Because Morris Silverman worked on commission, the family’s income fluctuated wildly, and they moved often. The first apartment Ms. Sills recalled living in was a one-bedroom flat where she shared the bedroom with her parents while her older brothers, Sidney and Stanley, slept on a Hide-a-Bed in the foyer.
Shirley Silverman was an unabashed stage mother who thought her talented little girl with the golden curls could become a Jewish Shirley Temple. So with the stage name Bubbles, Ms. Sills was pushed into radio work. At 4 she made her debut on a Saturday morning children’s show called “Uncle Bob’s Rainbow House,” quickly becoming a weekly fixture on the show. At 7 she graduated to the “Major Bowes Capital Family Hour,” on which she tap-danced and sang coloratura arias that she had learned phonetically from her mother’s Amelita Galli-Curci records. She won a role on a radio soap opera, “Our Gal Sunday,” where for 36 episodes she portrayed a “nightingirl of the mountains.”
But her father put an end to her child-star career when she was 12 so that she could concentrate on her education at Erasmus Hall High School in Brooklyn and the Professional Children’s School in Manhattan. She devoted herself to her voice lessons with Estelle Liebling, which had begun when Ms. Sills was just 9. Liebling had coached Galli-Curci and was Ms. Sills’s only vocal teacher.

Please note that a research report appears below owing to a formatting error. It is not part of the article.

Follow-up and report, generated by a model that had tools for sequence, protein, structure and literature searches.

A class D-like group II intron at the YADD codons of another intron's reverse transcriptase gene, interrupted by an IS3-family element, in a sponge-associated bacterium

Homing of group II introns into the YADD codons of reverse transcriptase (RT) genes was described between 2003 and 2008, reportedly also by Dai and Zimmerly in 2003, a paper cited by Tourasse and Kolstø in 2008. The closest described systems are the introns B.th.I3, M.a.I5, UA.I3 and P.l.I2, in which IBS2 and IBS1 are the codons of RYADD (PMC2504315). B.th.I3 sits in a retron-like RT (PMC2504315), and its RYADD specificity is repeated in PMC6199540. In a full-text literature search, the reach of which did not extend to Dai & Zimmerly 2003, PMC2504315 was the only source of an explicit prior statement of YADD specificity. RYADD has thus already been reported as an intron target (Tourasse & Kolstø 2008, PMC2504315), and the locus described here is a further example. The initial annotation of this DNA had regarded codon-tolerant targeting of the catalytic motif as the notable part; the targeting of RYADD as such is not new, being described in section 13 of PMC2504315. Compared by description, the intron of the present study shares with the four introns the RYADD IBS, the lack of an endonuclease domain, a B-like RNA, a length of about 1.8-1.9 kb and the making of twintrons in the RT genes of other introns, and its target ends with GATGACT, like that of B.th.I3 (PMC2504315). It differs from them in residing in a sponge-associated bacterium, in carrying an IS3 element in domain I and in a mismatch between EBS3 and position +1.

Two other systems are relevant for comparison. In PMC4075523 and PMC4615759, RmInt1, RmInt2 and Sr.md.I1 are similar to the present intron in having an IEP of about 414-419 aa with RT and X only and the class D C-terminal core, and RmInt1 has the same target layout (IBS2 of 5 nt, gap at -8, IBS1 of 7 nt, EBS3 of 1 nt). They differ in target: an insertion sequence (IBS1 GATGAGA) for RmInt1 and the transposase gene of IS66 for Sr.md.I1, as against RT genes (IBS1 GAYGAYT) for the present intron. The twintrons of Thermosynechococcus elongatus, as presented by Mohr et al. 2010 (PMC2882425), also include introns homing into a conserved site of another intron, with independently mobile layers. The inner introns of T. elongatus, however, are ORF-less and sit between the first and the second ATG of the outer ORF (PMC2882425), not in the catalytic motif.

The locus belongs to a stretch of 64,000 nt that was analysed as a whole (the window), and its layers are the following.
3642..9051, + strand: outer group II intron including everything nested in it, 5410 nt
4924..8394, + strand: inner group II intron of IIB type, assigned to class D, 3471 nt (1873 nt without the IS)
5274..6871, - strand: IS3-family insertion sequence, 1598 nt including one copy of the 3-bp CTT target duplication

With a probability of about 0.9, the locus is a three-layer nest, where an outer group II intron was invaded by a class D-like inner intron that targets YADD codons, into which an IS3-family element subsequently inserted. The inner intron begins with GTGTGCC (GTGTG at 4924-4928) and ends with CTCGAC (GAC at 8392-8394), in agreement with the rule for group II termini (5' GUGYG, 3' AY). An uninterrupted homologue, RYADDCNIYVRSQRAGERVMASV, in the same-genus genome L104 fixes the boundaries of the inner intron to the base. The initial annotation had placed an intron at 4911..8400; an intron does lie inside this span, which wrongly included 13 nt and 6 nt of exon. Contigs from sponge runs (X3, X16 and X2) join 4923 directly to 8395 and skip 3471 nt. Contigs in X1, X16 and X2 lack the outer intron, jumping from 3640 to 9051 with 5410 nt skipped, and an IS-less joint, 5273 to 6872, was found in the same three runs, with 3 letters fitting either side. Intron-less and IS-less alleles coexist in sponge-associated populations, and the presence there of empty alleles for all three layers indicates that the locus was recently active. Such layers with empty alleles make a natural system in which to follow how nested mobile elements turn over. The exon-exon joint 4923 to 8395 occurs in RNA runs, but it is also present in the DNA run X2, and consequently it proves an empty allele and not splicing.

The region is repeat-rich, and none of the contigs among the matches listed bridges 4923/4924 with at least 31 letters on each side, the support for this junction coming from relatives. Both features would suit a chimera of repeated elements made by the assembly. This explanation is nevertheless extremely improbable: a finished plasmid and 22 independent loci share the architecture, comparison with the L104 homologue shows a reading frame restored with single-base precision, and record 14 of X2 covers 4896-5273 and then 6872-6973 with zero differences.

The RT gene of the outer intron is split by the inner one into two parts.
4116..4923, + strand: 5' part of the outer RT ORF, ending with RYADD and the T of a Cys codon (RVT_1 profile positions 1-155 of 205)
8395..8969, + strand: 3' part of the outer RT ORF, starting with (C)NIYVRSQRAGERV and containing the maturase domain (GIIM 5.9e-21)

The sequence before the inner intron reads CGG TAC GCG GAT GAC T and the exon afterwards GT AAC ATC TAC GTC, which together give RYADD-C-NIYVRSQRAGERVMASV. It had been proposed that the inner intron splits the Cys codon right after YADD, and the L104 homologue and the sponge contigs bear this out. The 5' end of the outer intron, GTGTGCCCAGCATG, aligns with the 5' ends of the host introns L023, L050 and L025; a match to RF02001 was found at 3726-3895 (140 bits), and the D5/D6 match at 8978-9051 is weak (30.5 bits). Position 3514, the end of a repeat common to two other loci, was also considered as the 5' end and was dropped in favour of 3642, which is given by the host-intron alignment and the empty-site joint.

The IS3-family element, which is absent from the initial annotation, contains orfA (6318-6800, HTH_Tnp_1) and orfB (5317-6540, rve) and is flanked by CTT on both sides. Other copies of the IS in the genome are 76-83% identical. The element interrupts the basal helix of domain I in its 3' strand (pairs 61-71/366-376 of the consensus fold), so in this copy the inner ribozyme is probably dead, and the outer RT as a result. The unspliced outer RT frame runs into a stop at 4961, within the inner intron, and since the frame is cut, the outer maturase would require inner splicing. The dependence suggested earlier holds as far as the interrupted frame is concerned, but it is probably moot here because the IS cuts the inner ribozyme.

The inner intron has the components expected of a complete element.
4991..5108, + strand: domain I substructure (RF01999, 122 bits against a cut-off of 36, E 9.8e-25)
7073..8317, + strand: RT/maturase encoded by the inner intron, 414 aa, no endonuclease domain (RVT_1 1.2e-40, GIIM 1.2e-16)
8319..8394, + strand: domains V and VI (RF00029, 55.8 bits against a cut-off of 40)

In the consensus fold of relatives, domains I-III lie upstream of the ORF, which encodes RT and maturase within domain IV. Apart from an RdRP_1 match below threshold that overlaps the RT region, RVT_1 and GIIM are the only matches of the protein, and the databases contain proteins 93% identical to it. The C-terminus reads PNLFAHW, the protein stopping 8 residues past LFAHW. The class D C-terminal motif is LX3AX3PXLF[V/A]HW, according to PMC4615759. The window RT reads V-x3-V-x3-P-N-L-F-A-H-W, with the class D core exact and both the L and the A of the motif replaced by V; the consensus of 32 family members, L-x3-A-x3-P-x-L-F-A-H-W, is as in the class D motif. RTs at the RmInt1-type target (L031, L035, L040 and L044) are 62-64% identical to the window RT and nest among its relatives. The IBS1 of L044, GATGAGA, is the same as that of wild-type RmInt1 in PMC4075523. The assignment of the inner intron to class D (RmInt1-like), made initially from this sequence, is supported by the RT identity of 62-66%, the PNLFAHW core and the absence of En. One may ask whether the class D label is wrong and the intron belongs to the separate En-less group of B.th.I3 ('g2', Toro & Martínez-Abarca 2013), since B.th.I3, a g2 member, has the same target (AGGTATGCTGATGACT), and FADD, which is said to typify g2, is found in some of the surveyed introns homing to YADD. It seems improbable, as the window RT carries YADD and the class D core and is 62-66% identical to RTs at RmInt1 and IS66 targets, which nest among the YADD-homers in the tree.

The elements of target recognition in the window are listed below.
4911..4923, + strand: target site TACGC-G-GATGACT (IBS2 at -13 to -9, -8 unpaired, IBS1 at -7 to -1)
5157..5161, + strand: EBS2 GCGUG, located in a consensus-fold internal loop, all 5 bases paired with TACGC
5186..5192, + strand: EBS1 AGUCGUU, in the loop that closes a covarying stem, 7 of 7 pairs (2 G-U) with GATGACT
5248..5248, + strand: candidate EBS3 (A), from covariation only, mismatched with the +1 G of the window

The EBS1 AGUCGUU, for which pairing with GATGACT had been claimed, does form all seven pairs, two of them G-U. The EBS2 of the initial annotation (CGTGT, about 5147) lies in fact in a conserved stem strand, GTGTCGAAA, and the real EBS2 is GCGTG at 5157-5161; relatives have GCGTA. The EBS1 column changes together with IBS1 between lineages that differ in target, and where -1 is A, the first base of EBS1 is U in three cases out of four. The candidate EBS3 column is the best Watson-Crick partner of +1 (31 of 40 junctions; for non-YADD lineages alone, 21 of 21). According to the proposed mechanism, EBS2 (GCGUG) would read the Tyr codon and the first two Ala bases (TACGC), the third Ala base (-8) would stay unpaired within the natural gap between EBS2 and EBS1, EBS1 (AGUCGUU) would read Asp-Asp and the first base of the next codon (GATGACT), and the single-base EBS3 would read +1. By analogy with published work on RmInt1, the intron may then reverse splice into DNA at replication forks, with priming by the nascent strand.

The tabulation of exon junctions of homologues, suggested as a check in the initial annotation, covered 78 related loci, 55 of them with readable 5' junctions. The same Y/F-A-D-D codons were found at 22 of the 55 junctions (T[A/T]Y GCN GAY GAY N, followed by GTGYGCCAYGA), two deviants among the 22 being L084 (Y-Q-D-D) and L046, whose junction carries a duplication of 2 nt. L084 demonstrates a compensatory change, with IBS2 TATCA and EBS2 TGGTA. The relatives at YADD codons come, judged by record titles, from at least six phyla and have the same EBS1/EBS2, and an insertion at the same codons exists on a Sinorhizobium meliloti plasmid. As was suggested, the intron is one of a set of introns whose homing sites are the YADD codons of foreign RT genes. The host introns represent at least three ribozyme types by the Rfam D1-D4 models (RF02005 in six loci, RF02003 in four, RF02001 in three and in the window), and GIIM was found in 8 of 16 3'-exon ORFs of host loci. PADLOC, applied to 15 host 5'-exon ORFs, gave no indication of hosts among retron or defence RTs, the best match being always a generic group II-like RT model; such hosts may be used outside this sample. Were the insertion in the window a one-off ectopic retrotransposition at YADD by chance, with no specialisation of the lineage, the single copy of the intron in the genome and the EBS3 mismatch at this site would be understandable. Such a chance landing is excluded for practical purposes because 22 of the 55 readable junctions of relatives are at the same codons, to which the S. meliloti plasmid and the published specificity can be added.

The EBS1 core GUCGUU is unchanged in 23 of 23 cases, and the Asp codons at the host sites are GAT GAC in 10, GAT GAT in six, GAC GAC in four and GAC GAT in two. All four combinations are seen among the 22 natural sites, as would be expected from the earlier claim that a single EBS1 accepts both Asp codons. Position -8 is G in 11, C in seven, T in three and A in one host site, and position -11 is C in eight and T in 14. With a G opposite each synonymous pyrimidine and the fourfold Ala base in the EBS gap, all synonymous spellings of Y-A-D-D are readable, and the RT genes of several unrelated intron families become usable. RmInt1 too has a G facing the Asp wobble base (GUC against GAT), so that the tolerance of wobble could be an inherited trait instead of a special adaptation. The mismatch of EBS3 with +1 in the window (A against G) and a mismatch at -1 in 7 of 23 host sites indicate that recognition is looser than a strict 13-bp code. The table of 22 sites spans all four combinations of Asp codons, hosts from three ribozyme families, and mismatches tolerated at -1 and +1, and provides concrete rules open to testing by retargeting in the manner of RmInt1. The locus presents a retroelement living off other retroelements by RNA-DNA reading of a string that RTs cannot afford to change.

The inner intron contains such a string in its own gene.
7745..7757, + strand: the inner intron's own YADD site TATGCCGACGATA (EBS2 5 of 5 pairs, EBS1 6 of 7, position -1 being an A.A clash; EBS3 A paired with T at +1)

A Triumphant Debut
In 1955, after seven previous unsuccessful auditions over a three-year period, Ms. Sills was accepted into the New York City Opera. Her debut as Rosalinde in “Die Fledermaus” was enthusiastically received by critics.
n 1959 Ms. Sills gave birth to a daughter, Meredith Holden Greenough. Two years later she gave birth to the couple’s second child, a son, Peter Bulkeley Greenough Jr. At the time Meredith, called Muffy, was 22 months old but unable to speak. Tests revealed that she had a profound loss of hearing.
Just as Ms. Sills and her husband were absorbing their daughter’s deafness, it became clear that their son, called Bucky, now 6 months old, was significantly mentally retarded, with additional complications that eluded diagnosis. “They knew nothing about autism then,” Ms. Sills later wrote.
With support, their daughter thrived over time. But the boy’s problems were severe, and he was eventually placed in an institution.